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I'm Team Daryl Davis and I support the Tea Party

RedlegJan 31, 2020, 4:56:28 PM

 I, like thousands of people, watched the Daryl Davis Joe Rogan Experience and was captivated.(The above video) I was familiar already with Daryl Davis thanks to Minds and Tim Pool. When I say I am team Daryl Davis I mean it in the truest sense of the words. I support how he does what he does, and how he supports those whose ideas he has helped change and shape. Honestly it is something we should all strive for. Understanding and compassion as well as support for those who have been led astray are true and righteous ideals. I have been very vociferous about my feelings towards the white identitarian and white nationalist movements. I am no fan. His mastery of human compassion and patience have taken the venom from the snakes mouths themselves.

     I listened intently, even pausing my game(I usually listen to podcasts at night after the kids are in bed while I build in Minecraft or rift in Diablo 3) just so I could pay attention, because I found him so enthralling. Then towards the end as he was discussing how people can get pulled into the ideology of hate he mentioned the Tea Party as being an organization with impure motives. To be precise, I have no doubt there are bad players in the movement, I also know that every large movement will have a percentage of undesirables. I know they are not even a vocal minority though, because the libertarians who follow the movement tend to ignore collectivism in its many forms to include racism. To quote Ayn Rand, whom Ron Paul so loved he named his son after her, “Racism is the lowest form of collectivism”. The idea that a smaller government that doesn’t bail out big corporations is a movement of racists is disingenuous. It is a vast strawman and oversimplification of what used to be a normally understood stance. Politicians no longer run on platforms or promises that fall within the scope or duty of the office in which they covet, but in promises that seem too wild and outlandish, not to mention impossibly expensive that they bend the rules often to make them happen, or simply turn into corporate welfare machines. I am not sure how supporting a smaller less intrusive and crony government can fall into the realm of racism.

     The example Davis uses is immigration. I found this odd because he gave a perfect example about coal miners being ousted for cheaper illegal immigrant labor, which is a tool the KKK likes to use for recruitment. I think he hit the nail on the head in that regard. Just because the KKK uses it as a tool of recruitment does not make the action itself correct or moral though. Should we simply allow bad things to happen because those bad things are also opposed by ideologically misguided people? I myself do not fall in on Libertarian Party lines when it comes to immigration although I do not support the idea of a wealth test nor the need for thousands of dollars in immigration lawyer fees just to make it to the land of opportunity. I do know that our welfare state has become so robust that the incentives to come here are not what they once were, and that’s what I want to change, not immigration itself. Let’s talk about why the Tea Party was founded. Below is the link to the wiki.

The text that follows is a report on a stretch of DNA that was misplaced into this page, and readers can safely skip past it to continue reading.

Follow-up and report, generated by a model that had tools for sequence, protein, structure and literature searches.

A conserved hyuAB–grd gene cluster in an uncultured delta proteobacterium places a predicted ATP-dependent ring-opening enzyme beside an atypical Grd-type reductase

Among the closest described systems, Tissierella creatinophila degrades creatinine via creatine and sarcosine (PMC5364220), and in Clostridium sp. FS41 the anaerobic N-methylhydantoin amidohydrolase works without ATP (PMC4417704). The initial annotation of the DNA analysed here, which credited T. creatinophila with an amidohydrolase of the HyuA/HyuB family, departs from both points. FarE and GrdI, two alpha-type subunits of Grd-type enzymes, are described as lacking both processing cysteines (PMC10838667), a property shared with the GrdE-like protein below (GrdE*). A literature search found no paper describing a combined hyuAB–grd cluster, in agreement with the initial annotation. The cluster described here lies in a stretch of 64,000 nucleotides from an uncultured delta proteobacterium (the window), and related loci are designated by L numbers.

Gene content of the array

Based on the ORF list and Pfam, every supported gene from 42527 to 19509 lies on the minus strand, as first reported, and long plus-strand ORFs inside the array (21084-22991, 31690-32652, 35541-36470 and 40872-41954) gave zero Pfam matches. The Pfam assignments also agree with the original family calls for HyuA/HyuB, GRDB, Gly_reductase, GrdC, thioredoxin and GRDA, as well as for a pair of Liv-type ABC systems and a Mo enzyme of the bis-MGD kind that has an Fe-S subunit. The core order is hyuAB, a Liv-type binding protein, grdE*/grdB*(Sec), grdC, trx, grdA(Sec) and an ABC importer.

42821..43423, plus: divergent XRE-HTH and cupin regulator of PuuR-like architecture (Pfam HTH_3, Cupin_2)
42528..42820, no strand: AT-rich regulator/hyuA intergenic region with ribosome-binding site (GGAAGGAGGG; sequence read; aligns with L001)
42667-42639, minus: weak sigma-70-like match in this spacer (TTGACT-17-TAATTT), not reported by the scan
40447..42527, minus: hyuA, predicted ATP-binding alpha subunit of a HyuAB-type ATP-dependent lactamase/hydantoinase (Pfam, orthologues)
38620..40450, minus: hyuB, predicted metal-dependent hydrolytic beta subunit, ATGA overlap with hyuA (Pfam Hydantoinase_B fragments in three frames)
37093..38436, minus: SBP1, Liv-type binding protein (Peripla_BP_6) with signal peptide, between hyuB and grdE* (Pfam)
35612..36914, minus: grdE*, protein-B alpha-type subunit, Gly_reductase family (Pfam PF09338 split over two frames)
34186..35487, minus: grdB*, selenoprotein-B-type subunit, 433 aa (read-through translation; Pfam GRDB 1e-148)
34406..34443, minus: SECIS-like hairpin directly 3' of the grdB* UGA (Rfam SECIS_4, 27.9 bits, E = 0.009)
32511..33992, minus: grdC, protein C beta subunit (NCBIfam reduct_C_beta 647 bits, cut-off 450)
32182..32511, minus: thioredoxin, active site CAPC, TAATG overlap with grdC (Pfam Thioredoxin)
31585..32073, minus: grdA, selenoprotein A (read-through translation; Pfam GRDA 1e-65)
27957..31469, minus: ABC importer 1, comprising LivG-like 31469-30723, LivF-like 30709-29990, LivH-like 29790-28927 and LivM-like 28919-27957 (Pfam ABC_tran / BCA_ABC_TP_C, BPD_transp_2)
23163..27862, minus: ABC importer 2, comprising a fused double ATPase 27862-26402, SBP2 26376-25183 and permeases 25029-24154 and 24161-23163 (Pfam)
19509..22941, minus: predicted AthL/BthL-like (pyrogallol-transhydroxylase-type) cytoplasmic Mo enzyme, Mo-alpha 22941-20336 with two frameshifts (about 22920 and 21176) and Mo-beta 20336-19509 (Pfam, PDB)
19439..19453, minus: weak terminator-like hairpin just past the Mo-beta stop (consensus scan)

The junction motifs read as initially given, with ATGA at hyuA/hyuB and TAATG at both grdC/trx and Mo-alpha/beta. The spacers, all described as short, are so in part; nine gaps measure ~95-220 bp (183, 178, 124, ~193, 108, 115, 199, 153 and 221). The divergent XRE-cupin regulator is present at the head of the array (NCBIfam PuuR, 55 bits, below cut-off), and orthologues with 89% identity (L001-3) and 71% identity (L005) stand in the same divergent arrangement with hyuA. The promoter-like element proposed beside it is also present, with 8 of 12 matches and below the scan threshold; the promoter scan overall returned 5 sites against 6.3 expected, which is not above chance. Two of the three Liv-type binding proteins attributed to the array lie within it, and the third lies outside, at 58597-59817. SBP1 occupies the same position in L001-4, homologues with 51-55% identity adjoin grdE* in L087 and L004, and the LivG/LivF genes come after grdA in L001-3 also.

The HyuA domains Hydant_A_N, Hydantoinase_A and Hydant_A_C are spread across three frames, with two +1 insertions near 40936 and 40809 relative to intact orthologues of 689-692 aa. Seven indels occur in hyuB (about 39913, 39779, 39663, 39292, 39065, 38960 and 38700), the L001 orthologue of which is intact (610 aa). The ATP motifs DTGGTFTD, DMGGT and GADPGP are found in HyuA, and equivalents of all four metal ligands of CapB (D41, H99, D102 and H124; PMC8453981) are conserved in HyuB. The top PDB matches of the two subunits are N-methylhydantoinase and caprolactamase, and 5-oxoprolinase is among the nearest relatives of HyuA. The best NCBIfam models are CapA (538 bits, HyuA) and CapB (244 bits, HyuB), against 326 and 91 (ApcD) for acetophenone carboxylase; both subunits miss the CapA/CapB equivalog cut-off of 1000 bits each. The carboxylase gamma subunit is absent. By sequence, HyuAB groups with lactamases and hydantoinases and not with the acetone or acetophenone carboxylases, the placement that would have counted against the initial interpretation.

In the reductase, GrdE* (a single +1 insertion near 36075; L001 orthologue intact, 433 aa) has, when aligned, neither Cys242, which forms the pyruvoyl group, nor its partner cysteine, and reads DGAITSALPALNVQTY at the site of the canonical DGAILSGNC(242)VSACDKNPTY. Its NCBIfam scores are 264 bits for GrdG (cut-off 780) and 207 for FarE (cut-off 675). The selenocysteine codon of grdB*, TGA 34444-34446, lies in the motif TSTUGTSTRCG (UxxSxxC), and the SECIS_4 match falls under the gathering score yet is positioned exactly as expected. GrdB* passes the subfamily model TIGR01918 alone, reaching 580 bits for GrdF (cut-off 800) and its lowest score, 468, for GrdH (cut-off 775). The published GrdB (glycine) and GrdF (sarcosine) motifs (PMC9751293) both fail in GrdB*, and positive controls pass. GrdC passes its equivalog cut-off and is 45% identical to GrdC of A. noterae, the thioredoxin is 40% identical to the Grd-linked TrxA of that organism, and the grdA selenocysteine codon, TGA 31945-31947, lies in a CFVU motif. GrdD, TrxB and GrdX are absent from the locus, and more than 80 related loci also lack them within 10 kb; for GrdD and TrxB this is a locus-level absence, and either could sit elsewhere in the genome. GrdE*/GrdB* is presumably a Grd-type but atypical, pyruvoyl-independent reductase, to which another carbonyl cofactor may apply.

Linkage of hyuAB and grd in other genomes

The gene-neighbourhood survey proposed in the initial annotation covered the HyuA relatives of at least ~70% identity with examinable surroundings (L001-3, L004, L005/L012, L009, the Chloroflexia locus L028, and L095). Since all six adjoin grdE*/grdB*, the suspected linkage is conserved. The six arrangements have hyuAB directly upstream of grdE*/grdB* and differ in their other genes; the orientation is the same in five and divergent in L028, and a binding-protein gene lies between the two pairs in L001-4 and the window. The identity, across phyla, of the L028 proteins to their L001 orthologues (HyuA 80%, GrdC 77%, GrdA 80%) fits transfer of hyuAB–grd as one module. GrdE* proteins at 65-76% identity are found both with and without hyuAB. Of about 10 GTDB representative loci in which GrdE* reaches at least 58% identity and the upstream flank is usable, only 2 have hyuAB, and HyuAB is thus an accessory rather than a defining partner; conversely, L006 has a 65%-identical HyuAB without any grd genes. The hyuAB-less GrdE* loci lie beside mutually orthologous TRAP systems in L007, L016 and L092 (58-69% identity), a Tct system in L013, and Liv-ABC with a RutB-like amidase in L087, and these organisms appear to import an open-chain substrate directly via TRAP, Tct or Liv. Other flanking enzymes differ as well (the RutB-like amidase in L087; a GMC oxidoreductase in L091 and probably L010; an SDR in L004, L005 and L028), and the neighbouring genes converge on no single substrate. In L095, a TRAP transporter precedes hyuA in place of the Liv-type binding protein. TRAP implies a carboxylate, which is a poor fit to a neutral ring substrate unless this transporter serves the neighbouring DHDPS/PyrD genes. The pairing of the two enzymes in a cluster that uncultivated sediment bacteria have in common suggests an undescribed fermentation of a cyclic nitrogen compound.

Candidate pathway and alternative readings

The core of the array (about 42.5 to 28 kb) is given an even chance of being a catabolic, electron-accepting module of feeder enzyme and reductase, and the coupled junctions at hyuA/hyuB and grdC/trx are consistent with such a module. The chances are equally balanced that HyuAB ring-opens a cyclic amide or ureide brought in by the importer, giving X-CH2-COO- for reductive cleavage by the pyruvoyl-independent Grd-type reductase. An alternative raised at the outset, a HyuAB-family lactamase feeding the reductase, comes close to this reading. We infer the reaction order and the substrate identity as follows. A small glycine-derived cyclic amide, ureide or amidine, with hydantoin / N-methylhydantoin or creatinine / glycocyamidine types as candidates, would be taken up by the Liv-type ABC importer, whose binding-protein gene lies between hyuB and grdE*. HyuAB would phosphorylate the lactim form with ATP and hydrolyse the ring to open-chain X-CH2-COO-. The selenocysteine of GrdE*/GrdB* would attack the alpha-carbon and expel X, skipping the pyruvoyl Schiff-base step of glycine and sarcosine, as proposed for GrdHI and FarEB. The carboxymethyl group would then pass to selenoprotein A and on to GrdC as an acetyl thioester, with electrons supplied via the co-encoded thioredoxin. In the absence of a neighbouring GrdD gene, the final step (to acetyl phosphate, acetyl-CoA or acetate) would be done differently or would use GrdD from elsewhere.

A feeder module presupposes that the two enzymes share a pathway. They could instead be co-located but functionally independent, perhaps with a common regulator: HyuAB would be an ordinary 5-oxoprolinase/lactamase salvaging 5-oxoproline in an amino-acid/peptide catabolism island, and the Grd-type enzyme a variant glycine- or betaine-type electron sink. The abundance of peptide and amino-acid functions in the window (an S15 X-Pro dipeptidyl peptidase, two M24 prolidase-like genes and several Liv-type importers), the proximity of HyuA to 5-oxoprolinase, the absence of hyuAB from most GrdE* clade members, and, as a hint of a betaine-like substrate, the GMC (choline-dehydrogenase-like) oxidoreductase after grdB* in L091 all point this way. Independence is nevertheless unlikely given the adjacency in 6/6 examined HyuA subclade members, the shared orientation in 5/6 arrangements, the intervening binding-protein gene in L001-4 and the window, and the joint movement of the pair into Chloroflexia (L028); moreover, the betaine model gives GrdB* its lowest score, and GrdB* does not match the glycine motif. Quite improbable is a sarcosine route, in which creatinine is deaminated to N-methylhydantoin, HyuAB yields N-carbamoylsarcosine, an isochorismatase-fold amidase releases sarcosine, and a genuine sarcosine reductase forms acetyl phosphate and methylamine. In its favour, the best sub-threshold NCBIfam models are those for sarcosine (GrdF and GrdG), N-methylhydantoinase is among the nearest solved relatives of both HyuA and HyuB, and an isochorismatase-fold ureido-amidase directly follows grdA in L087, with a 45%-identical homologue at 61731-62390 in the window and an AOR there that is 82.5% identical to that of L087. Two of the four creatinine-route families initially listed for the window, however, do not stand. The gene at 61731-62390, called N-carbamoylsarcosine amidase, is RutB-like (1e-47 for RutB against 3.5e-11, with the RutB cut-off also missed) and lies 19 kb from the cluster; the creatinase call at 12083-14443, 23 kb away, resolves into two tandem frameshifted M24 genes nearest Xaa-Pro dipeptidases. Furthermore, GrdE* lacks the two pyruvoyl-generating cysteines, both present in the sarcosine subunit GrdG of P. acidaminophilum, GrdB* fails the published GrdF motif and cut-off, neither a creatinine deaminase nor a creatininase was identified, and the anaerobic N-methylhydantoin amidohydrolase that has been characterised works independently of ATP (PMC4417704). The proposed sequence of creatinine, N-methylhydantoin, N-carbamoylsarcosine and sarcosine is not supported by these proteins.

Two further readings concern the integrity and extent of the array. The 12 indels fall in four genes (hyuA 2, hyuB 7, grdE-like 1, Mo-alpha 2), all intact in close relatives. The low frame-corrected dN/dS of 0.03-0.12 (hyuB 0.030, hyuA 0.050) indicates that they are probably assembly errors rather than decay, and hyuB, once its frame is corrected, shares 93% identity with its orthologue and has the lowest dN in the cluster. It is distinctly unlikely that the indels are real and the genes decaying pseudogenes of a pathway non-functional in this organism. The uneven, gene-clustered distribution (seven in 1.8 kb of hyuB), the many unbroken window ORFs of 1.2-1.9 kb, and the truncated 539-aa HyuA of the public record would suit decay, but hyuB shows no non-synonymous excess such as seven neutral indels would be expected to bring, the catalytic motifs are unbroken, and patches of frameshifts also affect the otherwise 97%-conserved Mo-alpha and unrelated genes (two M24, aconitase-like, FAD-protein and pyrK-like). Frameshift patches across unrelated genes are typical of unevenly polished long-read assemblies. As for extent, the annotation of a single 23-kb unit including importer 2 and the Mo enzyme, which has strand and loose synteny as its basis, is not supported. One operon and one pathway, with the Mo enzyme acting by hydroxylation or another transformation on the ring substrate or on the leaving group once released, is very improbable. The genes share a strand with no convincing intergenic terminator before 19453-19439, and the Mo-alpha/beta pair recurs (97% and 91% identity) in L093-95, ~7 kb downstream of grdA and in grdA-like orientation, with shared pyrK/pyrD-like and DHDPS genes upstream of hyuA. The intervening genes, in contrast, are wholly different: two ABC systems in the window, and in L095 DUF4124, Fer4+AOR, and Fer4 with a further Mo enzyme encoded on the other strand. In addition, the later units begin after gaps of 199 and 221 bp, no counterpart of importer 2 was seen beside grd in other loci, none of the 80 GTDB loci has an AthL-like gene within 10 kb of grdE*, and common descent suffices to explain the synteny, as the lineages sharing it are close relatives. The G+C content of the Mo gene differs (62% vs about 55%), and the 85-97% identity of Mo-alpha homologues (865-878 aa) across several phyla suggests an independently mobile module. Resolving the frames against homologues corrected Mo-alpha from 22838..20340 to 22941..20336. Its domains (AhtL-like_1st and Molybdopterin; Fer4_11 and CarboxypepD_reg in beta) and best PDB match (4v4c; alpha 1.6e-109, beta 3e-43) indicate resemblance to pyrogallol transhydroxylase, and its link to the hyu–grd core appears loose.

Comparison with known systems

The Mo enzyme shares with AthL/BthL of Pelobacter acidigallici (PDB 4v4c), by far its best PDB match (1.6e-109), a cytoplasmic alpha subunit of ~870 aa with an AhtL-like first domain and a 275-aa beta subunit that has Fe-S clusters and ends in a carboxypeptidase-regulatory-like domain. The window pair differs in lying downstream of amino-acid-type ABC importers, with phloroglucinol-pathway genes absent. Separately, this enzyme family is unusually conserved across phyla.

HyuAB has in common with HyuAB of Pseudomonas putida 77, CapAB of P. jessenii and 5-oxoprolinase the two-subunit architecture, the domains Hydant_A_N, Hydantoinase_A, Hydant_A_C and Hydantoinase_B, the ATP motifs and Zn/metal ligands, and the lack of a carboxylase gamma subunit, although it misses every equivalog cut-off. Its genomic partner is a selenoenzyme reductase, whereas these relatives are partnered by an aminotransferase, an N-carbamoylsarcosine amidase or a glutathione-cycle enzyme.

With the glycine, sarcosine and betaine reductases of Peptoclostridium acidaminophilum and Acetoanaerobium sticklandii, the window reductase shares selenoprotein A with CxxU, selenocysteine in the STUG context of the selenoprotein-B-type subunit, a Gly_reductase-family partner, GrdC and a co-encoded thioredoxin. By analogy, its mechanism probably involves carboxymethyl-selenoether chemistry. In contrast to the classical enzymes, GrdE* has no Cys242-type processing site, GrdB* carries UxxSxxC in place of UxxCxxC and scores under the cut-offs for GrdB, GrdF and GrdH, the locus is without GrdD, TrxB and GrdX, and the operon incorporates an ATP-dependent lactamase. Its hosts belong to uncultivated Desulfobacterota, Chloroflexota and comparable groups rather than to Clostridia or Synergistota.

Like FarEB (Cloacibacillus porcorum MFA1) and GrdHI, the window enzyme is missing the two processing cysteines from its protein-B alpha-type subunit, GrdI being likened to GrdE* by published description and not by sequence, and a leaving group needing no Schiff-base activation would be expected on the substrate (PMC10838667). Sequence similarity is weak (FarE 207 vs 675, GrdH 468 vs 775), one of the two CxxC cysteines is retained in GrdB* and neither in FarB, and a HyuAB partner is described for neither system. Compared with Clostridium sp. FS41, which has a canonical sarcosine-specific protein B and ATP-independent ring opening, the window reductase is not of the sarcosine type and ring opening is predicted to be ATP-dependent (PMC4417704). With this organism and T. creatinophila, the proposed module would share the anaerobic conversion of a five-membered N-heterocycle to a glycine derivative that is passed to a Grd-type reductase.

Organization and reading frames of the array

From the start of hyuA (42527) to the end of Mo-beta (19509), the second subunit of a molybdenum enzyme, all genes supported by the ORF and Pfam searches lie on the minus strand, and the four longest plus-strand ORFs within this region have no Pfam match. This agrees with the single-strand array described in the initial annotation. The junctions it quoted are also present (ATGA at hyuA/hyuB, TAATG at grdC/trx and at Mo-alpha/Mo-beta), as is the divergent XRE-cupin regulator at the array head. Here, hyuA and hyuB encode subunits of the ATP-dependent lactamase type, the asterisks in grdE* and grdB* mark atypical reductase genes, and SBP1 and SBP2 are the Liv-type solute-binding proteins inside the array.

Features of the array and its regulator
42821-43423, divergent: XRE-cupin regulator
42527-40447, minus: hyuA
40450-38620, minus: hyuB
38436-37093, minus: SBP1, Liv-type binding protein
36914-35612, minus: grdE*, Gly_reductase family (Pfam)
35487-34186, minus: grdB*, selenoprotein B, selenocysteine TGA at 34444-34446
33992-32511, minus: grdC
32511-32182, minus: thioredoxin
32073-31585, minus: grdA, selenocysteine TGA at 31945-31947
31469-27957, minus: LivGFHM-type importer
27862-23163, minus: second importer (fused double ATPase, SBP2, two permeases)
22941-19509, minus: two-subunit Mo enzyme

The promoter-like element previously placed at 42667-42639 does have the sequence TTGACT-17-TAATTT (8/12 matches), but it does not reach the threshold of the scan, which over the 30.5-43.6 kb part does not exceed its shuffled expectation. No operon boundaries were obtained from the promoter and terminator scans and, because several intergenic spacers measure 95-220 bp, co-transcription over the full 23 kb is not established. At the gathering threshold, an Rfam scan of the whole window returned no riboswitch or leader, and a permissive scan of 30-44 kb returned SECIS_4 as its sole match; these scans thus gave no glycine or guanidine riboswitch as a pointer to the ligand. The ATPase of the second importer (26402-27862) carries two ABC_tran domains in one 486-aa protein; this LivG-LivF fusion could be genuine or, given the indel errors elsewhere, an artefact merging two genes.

Tea Party wiki here.

     The Tea Party movement wiki page describes the Tea Party as: “...an American fiscally conservative political movement within the Republican Party. Members of the movement have called for lower taxes, and for a reduction of the national debt of the United States and federal budget deficit through decreased government spending.” No where in there do I see a race based policy or belief. CNBC reporter Rick Santelli called for a “tea party” on the mercantile exchange. This is of course in reference to the Boston Tea Party where Samuel Adams and his Sons of Liberty(SoL) dumped British tea into the Boston harbor to prevent offloading because of the crony law that enforced the purchase and taxation of British tea. Now looking through the lens of time one could take exception with the fact that the SoL dressed up like Native Americans to disguise who they were, but I think that is a different discussion as wokeism was not really a thing then, for better or worse.

     President Obama himself addressed the movement in a thoughtful and nuanced way. As far as I know he never tried to strawman the fiscal conservatism that the Tea Party was trying to accomplish, only the way in which they wished to achieve it. I find this to be healthy discourse, something we should all hope for more of. To quote President Obama in this regard. “Let me just remind them that I am happy to have a serious conversation about how we are going to cut our health care costs down over the long term, how we're going to stabilize Social Security. Claire McCaskill and I are working diligently to do basically a thorough audit of federal spending. But let's not play games and pretend that the reason is because of the recovery act, because that's just a fraction of the overall problem that we've got. We are going to have to tighten our belts, but we're going to have to do it in an intelligent way. And we've got to make sure that the people who are helped are working American families, and we're not suddenly saying that the way to do this is to eliminate programs that help ordinary people and give more tax cuts to the wealthy. We tried that formula for eight years. It did not work. And I don't intend to go back to it."

     So before I ramble on too long on what I hope is a thoughtful defense of the Tea Party I want to end with this final statement. I am team Daryl Davis and if in the future I can in any way lend a helping hand to help him on his journey, I will absolutely do so. I have no large audience, I do not have large sums of money, yet I will pledge to help him and any like-minded individuals as I can.